This is a public service announcement brought to you by VFV. Warning: There is a plague of unicorns upon our kingdom. This species has been known to carry off fair maidens and impale those who attempt to slay them. Whether you are on a royal hunt, or are a sorcerer in need of a magical horn, be aware: unicorns can be cunning, dangerous, and deadly. Do not be fooled by the beauty and elegance of these creatures, nor their air of innocence and purity encouraged by the princess community. They are in fact depraved and horny beasts who breed like rabbits; hence the reason they have overpopulated the forests and now run amuck in small villages, consuming crops and terrorizing the countryside. Those horned stallions have their pick of the best maidens and use magic to seduce them. Worst of all, they trample over the dignity of the common man. All must do their part in ridding our kingdom of this invasive herd.
Published on Jan 18, 2016
by Sarah L. Edwards
She smiles to see him so, content, healthy, for dimly she remembers another time when he did not appear so well, before his father returned from the mountains with the gently beating box of stone.
Published on Oct 26, 2010
by Shannon Fay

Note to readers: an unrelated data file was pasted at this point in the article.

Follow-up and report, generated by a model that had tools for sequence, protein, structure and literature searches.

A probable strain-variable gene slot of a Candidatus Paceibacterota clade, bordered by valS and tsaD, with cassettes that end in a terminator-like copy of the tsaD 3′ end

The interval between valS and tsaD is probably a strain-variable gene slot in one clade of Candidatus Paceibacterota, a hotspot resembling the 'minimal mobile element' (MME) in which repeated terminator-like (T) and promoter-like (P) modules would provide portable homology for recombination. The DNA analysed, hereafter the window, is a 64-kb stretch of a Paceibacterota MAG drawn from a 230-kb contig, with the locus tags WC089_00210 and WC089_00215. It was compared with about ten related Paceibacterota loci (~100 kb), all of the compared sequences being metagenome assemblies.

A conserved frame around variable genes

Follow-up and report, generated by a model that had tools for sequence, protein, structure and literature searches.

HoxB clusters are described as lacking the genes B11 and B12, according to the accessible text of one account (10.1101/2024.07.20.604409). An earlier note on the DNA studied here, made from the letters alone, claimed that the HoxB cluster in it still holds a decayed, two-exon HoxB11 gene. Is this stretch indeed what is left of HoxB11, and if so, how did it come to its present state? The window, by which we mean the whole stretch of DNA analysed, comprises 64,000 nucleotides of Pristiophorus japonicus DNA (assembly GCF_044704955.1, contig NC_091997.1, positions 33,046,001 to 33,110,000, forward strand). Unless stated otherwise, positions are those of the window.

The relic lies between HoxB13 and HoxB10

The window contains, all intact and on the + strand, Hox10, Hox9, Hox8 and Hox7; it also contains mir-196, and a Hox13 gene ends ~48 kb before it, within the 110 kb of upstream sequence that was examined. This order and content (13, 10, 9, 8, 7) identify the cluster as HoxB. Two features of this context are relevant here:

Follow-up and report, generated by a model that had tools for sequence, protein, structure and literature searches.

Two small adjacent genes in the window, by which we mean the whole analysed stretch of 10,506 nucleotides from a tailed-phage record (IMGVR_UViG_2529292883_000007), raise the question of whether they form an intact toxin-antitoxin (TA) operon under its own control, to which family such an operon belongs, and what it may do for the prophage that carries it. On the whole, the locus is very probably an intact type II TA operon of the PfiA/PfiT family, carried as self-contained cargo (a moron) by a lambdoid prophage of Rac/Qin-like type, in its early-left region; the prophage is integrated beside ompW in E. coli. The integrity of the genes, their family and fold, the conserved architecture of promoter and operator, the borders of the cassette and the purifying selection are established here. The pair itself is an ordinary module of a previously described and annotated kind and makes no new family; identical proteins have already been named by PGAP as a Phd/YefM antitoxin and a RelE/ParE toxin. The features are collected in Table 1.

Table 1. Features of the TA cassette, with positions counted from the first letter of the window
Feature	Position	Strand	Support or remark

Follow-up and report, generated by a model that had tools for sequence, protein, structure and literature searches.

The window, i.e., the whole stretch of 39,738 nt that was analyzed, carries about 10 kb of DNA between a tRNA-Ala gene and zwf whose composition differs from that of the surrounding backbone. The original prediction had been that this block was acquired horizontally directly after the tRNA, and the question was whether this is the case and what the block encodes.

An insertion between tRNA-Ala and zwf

“I’ve come to say goodbye, old friend,” Princess Cardena said to the unicorn. The sunlight made the creature’s white flank sparkle. Oh? The unicorn said. You are going away? “No. But I am to be married.” Cardena blushed, not wishing to speak plainly of how she’d soon no longer be a maiden, able to see unicorns. “Soon, I shall be changed.” The unicorn nudged her shoulder. Princess, if you change, I shall change too. We will meet again. Cardena’s groom was a warlord that had invaded her country. By giving him her hand she’d keep her people safe. She held onto that one thought, gripping it as she gripped her bridal bouquet and later the bed sheets. It was all right, she told herself. It was for her people. But as time passed it became harder to hold onto that belief. She saw how her husband’s armies roamed the land, ransacking shrines and killing resistors. As a year passed a mix of rage and despair engulfed her. When they had married, she had foolishly believed that her husband would change, that as a legitimate ruler he would feel beholden to his subjects. Beholden to her. But he had just continued to take what he wanted, offering nothing in return. She had given herself away for nothing. Cardena ran to the woods. “Old friend! Are you there?!” A figure emerged from the trees, not a flesh-and-blood unicorn but the skeleton of one, its eyes burning red with promised vengeance. “You’ve changed,” she whispered. So have you. It was true--she wasn’t the blushing maiden from before. Now she was a queen, ready to slaughter the invaders that had brutalized her nation. She’d start with her husband. “Come, old friend.” Cardena climbed onto the creature’s back. “We have much work to do.”